Ethan Hunt (Tom Cruise) and his team race against time to find some missing plutonium. As his team travel around the world on the tail of a terrorist organisation, they encounter old enemies and old friends and Ethan begins to doubt who he can trust.
Mission: Impossible – Fallout is the sixth film in a franchise that has been going for 22 years now. This is the first film in the series that has a returning director, Christopher McQuarrie, and it’s the first one that’s more of a direct sequel. Generally, the Mission: Impossible films can stand apart from one another as the only connecting features are Tom Cruise’s Ethan Hunt and Ving Rhames’ Luther Stickell, and while you can certainly follow what’s happening in Fallout without seeing Rogue Nation, having that prior knowledge adds extra depth to characters and their motivations.
This is a franchise known from its stunts and in many ways, Fallout is one thrilling set piece after another. There’s electric fight sequences – the standout being Hunt and CIA Agent Walker (Henry Cavill) against a suspected terrorist in a bathroom – chase sequences that go from a car chase to a motorbike chase seamlessly, and there’s Tom Cruise jumping from buildings, dangling from helicopters and doing a HALO jump from 25,000 feet. These are all edge of your seat stuff. The action sequences and stunts are all shot well, there’s no shaky cam here, and knowing that it’s Tom Cruise who is putting himself in dangerous situations to entertain adds to the drama.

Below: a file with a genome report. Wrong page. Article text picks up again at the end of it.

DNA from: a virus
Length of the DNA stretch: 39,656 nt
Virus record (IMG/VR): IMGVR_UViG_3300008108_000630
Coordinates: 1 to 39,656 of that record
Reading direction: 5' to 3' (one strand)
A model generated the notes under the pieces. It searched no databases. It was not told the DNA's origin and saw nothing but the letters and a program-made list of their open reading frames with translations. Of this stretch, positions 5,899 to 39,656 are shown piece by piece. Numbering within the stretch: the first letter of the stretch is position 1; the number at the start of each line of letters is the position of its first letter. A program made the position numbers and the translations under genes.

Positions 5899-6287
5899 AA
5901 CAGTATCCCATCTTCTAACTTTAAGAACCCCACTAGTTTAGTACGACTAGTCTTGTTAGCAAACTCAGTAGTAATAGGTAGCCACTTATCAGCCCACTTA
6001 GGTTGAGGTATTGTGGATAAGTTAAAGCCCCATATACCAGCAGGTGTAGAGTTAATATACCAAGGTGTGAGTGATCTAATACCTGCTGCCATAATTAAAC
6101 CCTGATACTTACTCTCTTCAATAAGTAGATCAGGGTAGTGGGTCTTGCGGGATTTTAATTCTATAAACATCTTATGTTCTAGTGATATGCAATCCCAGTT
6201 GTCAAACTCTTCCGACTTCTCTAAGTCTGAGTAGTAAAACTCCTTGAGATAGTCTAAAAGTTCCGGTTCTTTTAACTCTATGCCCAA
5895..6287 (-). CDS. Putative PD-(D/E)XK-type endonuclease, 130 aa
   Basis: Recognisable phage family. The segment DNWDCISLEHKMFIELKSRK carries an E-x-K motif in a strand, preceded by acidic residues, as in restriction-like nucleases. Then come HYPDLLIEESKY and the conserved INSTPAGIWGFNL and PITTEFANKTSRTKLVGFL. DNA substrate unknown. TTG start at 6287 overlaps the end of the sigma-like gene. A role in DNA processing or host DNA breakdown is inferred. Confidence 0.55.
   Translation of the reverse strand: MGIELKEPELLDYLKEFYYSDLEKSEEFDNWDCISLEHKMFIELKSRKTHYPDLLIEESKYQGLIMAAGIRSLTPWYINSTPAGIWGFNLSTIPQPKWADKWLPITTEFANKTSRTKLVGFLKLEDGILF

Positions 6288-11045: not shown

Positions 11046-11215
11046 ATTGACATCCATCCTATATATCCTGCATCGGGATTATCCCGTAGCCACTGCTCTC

The stunts are spectacular and jaw-dropping, but thanks to the script and performances Fallout isn’t style over substance. There’s a lot of heart in this film, as Ethan is a man who has his regrets and his principles, mainly not wanting to trade the life of one person for the lives of millions. The relationships Ethan has formed over the course of this franchise are a major part of his motivations and the story as a whole.
The plot itself is full of twists and turns, some more obvious than others, with many characters having hidden agendas. Isla Faust (Rebecca Ferguson) returns with her own mission while head of the CIA Erica Sloane (Angela Bassett) doesn’t trust Hunt so puts Walker, a trained assassin, on his team. These combinations of characters, new and old, lead to some brilliant dialogue and chemistry. There is humour to be found from Fallout, and it’s not Simon Pegg’s Benji being comic relief. The humour here is very natural, coming from characters finding themselves in increasingly unpredictable situations, and the laughs never take away from the moments of tension or drama.
Mission: Impossible – Fallout is a tense, relentless action-packed thrill ride. It’s a technically brilliant film, from Lorne Balfe’s score to the beautiful cinematography from Rob Hardy. Fallout is a film where every aspect of it shines. 5/5.